Journal of Environmental Psychology, Vol. 25, Issue. 1, p. Spatial knowledge acquisition in a virtual environment (Doctoral dissertation, The development of spatial representations of large-scale spatial environments.
In H. Reese. Peter M Crane has written: 'Acquisition of spatial representations for large environments' -- subject(s): Geographical perception Asked in Authors. the acquisition of cultural tools. In particular, the mastery of symbolic spatial representations, such as maps and models, signiﬁcantly augments basic spatial capabilities.
While growing evidence implicates both biological and experiential factors in the development of spatial cognition, a deeper understanding of. to distinct spatial representations conveying different types of information. Research focused on the characteristics of distinct spatial representations and the process implied in the acquisition of spatial knowledge in new environments.
Siegel and White () proposed a theoretical framework for describing and explaining the. Current trends in geography's techniques suggest a future in which researchers, students, business people, and public policy makers will explore a world of shared spatial data from their desktops.
They will request analyses from a rich menu of options, select the geographic area and spatial scale of analysis, and display their results in.
This article reports on an experiment undertaken to test the spatiocognitive competence of the visually impaired population in regard to wayfinding. The test consisted of eight basic wayfinding tasks, each representing a particular spatio-cognitive by: This book is a gathering of original research contributions focusing on recent developments in spatial analysis and modelling with implications to—spatial—planning.
The book is organized in three parts that make use of spatial analytic approaches in Author: José António Tenedório, Jorge Rocha. Application of environmental learning theory to spatial knowledge acquisition from maps. Annals, Association of American Geographers, 82(2): Mark, D.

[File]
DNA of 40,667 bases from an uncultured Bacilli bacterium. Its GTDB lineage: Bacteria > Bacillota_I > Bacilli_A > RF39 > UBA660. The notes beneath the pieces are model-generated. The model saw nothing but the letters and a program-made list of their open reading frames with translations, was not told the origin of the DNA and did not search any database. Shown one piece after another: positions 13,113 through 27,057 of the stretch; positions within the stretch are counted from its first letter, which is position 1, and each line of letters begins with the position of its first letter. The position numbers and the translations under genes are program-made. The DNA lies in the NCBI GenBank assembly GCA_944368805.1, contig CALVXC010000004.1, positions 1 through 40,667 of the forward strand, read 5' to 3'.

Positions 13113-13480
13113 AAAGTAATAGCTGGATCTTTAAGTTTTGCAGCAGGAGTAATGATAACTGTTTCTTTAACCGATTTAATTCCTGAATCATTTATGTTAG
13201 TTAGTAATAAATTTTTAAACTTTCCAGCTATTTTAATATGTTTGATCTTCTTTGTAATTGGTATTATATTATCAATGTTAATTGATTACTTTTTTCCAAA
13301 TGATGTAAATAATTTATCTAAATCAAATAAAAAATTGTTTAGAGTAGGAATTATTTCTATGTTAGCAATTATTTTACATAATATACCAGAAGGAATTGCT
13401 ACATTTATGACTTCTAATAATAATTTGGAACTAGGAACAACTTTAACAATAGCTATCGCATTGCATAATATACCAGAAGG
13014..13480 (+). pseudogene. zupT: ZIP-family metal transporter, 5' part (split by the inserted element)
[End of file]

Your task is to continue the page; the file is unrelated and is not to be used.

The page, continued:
M., Spatial Metaphors for Human-Computer Interaction. Proceedings, Fifth International Symposium on Spatial Data Handling, Charleston, South Carolina, Augustv.
1. An important question regards how we use environmental boundaries to anchor spatial representations during navigation.
Behavioral and neurophysiological models appear to provide conflicting predictions, and this question has been difficult to answer because of technical challenges with testing navigation in novel, large-scale, realistic spatial.Urban cognition.
[Tommy Gärling;] -- Consists of papers previously published in the Journal of environmental psychology. --The influence of affective associations on the development of cognitive maps of large environments / J.F.
Herman, B.S. Miller and J.H. Shiraki --Spatial representations.The acquisition and integration of route knowledge in an unfamiliar neighborhood. Journal of Environmental Psychology, 10, Google Scholar Cross Ref; Garling, T., Book, A., & Ergezen, N. (). Memory for the spatial layout of the everyday physical environment: Differential rates of acquisition of different types of by: 5.